Fathom offers carbon fiber 3D printing services, helping your project produce a high-quality product that is strong, stiff, heat resistant and durable. The advantage of carbon fiber 3D printing is additional strength – stronger than traditional thermoplastics such as PLA or ABS. Some examples of carbon fiber 3D printed parts include: tooling, prosthetic limbs, bicycles, automotive parts and more.
Carbon fiber has grown in popularity across many industries because it offers high stiffness, low weight, high tensile strength, high chemical resistance, high-temperature tolerance and low thermal expansion. Carbon fiber is made of carbon atoms that are bonded together in a long chain. This chain is between 5-10 micrometers in diameter. Carbon fiber is stronger than steel, weighs less and is twice as stiff. This means that carbon fiber can be used to optimize parts’ performance and is particularly useful for construction, military, aerospace, automotive and more.
Carbon fiber can replace other materials in designs that have unsatisfactory performance or increased lifecycle costs. Some of the products created using carbon fiber include:
With the advancement of 3D printing technologies, using carbon fiber in 3D printing as a reinforced material has led to higher performance for many applications.
Carbon fiber is combined with other materials to create a composite material or carbon fiber reinforced material. The composite is a combination of a polymer, or sometimes ceramic. The resulting material is lightweight and highly durable.
Carbon fiber is produced using the following steps:
Depending on the final application, the carbon fiber may be woven into sheets or cut into shorter fibers. Chopped fibers are short fibers less than a millimeter long that are mixed with traditional thermoplastic to create filled plastic. They are commonly used in fused deposition modeling. Continuous fibers are coated in a curing agent and then laid down in a thermoplastic matrix. They are extruded using a secondary print nozzle in continuous fiber fabrication. Carbon fiber may also be mixed with a polymer for use in 3D printing. To prevent clogging during 3D printing, a hardened steel nozzle is used. Whether chopped fiber or continuous fiber, the result is a material that is stronger and lighter in weight, with an increased level of stiffness.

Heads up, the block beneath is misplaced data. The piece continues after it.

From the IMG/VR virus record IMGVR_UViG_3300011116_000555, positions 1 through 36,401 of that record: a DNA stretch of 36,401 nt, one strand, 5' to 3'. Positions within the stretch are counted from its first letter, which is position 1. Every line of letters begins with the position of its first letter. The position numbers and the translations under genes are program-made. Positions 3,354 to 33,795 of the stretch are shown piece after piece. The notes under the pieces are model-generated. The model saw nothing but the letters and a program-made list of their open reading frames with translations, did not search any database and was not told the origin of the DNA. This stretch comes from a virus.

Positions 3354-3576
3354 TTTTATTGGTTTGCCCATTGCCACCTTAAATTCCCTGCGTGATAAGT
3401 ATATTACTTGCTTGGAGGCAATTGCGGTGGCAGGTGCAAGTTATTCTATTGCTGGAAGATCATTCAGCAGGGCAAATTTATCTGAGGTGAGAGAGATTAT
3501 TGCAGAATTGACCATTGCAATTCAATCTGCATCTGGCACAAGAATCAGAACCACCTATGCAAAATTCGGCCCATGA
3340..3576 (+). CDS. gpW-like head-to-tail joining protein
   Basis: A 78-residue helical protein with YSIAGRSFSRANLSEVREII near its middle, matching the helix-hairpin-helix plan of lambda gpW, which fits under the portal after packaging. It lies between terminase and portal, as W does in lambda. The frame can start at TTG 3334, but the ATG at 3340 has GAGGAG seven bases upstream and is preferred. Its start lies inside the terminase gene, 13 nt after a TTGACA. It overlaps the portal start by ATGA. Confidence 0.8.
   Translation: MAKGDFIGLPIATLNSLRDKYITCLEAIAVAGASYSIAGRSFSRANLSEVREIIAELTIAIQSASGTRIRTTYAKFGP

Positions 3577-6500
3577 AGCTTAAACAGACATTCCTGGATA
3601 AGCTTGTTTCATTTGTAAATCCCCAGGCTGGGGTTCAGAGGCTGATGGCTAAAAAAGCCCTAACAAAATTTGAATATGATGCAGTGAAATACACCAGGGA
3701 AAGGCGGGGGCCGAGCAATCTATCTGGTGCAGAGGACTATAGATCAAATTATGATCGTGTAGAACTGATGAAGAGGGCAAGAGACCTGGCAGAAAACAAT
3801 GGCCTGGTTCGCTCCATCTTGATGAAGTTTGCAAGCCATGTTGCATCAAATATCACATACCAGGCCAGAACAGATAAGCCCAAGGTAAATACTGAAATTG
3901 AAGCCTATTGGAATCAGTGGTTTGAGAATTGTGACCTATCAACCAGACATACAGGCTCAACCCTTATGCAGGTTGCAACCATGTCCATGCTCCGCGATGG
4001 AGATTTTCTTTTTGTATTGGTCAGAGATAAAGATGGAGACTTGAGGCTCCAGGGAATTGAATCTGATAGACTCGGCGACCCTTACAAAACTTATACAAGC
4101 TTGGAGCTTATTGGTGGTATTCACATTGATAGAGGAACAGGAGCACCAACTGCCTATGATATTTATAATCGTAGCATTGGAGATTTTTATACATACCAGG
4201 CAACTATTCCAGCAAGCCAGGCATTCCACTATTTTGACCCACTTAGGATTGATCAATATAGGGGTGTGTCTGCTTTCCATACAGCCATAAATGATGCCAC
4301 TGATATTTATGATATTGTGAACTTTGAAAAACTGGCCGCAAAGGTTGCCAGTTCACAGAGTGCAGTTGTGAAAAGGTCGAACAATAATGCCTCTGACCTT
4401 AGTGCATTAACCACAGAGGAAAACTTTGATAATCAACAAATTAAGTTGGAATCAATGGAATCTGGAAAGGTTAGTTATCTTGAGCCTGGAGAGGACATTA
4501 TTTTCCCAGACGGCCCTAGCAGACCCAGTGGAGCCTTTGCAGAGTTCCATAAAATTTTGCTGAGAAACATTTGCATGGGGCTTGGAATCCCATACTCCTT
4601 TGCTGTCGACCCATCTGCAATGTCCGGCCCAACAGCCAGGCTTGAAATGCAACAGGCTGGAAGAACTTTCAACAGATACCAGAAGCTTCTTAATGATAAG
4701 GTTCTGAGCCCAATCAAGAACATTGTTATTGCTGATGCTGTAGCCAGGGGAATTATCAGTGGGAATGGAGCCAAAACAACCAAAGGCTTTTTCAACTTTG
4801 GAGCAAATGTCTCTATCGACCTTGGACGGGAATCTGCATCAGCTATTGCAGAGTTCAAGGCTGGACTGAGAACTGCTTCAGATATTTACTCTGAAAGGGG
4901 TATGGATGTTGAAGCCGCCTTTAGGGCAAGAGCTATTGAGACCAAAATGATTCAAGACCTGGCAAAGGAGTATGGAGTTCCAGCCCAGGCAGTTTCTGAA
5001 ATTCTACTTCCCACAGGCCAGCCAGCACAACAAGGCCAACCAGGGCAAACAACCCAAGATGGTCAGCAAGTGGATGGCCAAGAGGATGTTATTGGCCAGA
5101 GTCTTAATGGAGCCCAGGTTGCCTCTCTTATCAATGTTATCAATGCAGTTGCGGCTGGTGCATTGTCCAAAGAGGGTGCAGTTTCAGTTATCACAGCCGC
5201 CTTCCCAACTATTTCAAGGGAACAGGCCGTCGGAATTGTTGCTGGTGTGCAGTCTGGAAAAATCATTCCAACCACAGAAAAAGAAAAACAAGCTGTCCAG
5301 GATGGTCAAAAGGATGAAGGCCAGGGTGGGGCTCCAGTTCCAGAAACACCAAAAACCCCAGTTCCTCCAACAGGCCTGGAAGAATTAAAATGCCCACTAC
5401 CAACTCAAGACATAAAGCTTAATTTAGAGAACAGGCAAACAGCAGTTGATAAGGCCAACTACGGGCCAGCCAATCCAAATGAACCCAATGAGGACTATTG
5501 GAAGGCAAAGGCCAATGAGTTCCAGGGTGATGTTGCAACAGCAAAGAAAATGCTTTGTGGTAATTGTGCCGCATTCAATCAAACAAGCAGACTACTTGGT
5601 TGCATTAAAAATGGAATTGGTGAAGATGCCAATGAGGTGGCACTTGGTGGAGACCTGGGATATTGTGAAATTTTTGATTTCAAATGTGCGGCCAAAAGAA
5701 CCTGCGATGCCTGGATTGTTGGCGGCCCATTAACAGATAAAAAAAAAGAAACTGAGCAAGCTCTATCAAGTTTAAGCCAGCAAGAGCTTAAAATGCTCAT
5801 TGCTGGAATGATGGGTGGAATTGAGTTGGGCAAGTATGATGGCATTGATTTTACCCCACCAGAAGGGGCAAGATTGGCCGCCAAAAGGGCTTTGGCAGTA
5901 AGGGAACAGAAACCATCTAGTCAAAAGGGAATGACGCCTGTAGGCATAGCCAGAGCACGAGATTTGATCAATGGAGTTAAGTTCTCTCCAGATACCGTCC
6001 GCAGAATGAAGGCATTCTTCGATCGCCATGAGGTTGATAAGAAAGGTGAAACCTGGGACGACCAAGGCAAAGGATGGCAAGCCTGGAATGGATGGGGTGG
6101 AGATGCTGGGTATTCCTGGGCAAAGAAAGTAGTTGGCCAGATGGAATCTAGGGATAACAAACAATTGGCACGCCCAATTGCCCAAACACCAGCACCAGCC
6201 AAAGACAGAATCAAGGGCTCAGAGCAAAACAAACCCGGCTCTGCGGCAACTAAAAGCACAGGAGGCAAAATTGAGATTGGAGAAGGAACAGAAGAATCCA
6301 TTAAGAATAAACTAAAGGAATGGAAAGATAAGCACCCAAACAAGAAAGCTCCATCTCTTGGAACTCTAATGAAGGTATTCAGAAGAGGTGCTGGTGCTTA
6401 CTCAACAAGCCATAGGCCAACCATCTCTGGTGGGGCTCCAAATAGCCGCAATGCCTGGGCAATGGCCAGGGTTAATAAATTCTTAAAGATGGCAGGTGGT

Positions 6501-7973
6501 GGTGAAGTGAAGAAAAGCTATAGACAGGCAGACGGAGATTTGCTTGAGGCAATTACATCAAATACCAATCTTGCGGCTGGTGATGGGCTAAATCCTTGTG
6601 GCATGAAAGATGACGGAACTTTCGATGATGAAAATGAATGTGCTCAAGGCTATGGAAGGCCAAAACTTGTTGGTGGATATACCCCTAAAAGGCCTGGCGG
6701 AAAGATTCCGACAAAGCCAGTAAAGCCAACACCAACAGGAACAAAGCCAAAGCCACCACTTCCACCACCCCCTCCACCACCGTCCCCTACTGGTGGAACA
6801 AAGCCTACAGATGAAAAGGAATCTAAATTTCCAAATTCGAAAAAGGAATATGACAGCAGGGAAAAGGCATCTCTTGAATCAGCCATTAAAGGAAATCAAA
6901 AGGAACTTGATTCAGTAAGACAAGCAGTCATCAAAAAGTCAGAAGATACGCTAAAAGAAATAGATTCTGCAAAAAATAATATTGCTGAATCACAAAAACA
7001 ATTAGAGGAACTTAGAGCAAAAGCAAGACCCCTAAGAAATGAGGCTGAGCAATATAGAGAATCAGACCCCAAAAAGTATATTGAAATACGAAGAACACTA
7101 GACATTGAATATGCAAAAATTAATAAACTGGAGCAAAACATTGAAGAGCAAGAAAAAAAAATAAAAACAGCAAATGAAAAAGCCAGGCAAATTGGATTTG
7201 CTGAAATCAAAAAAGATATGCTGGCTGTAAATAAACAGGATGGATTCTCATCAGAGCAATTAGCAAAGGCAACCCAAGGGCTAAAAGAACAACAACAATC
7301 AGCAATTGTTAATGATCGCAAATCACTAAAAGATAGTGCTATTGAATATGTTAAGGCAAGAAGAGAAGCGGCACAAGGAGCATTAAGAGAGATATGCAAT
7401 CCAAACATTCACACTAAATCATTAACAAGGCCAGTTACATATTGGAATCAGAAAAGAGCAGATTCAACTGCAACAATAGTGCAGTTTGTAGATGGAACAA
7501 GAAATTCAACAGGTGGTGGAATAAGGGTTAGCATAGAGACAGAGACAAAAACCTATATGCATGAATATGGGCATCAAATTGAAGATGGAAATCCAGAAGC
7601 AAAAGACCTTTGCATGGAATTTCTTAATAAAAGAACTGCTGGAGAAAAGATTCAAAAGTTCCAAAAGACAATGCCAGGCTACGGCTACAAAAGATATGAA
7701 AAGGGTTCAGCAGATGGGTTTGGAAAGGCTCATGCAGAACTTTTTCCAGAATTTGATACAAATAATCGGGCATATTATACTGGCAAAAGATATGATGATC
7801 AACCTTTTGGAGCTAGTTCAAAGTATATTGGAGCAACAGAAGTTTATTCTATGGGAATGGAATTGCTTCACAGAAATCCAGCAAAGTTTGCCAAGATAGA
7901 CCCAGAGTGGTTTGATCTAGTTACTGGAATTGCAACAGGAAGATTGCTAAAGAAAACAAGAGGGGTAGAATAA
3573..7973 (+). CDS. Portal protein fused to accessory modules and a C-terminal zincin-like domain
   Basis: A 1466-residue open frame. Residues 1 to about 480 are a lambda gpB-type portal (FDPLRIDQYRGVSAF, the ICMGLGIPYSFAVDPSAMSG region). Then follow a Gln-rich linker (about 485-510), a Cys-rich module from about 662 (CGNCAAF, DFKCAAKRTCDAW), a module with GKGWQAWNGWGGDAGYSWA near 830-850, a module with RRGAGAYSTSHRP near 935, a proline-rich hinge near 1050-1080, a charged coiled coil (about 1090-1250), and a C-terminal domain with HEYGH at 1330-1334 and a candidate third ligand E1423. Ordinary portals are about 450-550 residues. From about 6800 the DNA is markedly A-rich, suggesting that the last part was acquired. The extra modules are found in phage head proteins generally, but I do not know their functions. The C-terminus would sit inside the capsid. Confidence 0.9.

Some of the popular carbon fiber filaments include:
Some carbon fiber filaments have been developed for more technical applications. These specialized filaments include PEEK, PEKK and higher performance polymers (HPP). They have an increased strength-to-weight ratio. To print using these materials, the printing parameters of the 3D printer must be adjusted, using an extruder that can reach 400°C, heated build plates and chambers.
Thermoplastics are a plastic material that can change state, from solid to liquid, back to solid, without changing chemical properties. They are commonly used in 3D printing technologies because they can be liquified or melted, layered and then cooled into their final shape. Without the addition of carbon fibers, they have a low melting point and are not as stiff or durable. This is why carbon fiber is necessary for specific applications; it adds strength and overall durability.